Every month when the Field and Stream magazine came in the mail I’d read it cover to cover, as I have for the last several years. First I’d pick the hunts most relevant to me — they hadn’t covered much small game for a while when I was growing up, and I’d hit those articles first especially if they covered pheasant or grouse which has surged in popularity in recent years. The last article I’d read was perhaps my favorite, the back column where Bill Heavey played the outdoor putz just trying to get along in life. It’s usually good for a gut busting laugh that puts you in your place with the often satirical view of the outdoors, hunting, and the avoidance like the plague of interpersonal relationships you sometimes have to initiate to enjoy the former. Almost like the hunting version of Anthony Bourdain I relish his self deprecating humor because his twisted wit mirrors my own, if I could write half as well as he could I might be a thousandaire.
The chapters are essentially his back page articles with a few of his full length magazine stories peppered in, you can jump in wherever you want and you can pick it up any time for a quick read. I read about half of the book in one surge during a flight to Baltimore and back, reminiscing on Field and Stream magazines of years past. He’s well read and articulate about the topic, even if you feel like you’ve been hornswaggled over the years by the pantyhose clad red nosed mook that adorns the back inside page. I’m not exactly what you’d call an avid reader, after having been burnt out in grad school with books on IT, Criminal Justice, and other bad things happening in the world this was a refreshing kick in the groin to get me to read the things that were important in my life now.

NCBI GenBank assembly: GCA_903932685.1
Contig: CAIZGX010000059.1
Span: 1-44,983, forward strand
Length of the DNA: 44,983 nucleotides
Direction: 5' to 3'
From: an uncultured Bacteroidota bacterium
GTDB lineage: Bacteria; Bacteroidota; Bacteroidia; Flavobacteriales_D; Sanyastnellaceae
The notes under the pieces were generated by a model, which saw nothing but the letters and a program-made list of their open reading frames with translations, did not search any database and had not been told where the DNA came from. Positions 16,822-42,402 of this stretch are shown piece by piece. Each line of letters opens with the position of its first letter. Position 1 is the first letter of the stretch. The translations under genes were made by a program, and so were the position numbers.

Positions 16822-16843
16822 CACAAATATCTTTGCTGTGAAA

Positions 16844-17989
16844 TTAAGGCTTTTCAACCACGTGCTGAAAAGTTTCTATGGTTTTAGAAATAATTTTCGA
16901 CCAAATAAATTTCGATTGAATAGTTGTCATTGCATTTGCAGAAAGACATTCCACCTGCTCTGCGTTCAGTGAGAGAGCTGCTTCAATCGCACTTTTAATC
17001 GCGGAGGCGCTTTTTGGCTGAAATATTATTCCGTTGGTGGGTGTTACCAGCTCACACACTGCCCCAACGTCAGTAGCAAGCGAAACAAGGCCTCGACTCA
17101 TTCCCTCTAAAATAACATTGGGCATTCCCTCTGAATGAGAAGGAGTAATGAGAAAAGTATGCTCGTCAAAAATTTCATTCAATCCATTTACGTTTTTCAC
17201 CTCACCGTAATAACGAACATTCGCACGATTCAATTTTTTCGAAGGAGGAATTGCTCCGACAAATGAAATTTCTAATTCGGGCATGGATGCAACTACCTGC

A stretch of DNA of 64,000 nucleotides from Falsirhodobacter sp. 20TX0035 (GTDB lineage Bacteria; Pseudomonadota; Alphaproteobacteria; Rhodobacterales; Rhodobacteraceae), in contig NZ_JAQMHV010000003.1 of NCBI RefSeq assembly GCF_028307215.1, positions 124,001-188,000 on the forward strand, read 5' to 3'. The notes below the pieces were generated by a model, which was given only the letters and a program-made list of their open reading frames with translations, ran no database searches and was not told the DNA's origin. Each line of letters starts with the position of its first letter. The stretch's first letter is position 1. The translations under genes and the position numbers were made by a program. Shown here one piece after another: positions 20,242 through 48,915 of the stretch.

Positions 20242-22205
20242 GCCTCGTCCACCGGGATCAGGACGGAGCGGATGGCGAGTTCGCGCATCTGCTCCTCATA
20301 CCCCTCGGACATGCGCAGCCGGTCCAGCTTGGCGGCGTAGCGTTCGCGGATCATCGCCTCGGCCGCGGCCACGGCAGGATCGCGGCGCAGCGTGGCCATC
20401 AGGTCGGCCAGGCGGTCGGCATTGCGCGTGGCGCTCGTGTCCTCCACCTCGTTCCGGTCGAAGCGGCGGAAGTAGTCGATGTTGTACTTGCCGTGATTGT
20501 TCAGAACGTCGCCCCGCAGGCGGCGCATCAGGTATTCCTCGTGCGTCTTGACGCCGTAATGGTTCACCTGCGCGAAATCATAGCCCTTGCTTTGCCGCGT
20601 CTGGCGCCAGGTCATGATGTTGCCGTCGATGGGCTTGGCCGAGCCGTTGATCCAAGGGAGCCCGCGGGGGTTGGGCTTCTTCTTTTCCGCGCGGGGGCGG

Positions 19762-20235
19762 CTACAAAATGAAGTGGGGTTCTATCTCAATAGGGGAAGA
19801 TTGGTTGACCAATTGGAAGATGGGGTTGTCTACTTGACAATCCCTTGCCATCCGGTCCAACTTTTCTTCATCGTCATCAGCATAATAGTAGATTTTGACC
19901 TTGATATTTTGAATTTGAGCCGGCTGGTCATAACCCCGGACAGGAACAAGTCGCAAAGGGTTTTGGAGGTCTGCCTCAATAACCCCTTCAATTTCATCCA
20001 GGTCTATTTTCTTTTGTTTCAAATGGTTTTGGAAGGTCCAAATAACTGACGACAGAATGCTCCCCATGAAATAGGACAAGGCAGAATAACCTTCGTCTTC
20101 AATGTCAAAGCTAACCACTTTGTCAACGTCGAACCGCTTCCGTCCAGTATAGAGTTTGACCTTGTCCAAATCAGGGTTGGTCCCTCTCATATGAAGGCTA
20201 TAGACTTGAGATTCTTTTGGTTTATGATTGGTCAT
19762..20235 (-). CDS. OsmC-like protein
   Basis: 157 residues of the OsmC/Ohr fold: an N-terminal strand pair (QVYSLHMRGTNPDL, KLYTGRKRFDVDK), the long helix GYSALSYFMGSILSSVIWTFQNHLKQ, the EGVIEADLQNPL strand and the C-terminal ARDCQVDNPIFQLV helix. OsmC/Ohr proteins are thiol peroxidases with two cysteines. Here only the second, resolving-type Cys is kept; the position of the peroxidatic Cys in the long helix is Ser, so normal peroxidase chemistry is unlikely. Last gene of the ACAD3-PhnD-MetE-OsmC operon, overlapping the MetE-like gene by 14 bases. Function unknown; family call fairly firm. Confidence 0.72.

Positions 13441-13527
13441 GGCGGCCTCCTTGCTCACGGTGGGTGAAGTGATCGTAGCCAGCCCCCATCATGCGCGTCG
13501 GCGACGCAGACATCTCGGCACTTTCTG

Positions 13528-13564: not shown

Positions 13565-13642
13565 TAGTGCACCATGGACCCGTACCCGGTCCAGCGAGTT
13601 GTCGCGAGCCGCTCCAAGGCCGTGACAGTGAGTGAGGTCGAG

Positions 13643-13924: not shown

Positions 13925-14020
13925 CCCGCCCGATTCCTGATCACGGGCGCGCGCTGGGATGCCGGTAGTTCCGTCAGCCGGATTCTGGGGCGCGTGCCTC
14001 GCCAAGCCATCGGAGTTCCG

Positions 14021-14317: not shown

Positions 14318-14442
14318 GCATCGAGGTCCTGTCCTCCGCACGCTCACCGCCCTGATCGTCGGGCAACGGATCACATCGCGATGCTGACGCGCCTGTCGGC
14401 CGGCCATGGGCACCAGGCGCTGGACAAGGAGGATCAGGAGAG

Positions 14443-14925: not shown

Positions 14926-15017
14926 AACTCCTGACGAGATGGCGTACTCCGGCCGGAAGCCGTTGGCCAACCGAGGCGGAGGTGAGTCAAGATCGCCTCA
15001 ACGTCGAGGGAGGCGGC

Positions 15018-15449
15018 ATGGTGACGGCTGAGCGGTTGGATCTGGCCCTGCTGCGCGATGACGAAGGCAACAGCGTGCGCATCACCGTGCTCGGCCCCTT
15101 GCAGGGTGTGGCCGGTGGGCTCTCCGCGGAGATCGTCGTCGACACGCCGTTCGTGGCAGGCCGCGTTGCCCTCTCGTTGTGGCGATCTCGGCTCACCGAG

This series of short stories will make you want to chase Chrome with Mikey, remember that two people in a hunting party become inextricably linked after mere hours together — sharing their deepest secrets because you’re quiet and have to listen, and it will make you wince in horror as Bill misses turkey after turkey… after turkey.
It’s a quick read and you can keep it at camp for a bedtime story with a side of some good whiskey, preferably anything other than the swill you brought. For $16 on Amazon it was money well spent for a hard cover that’s going in my outdoor reading collection.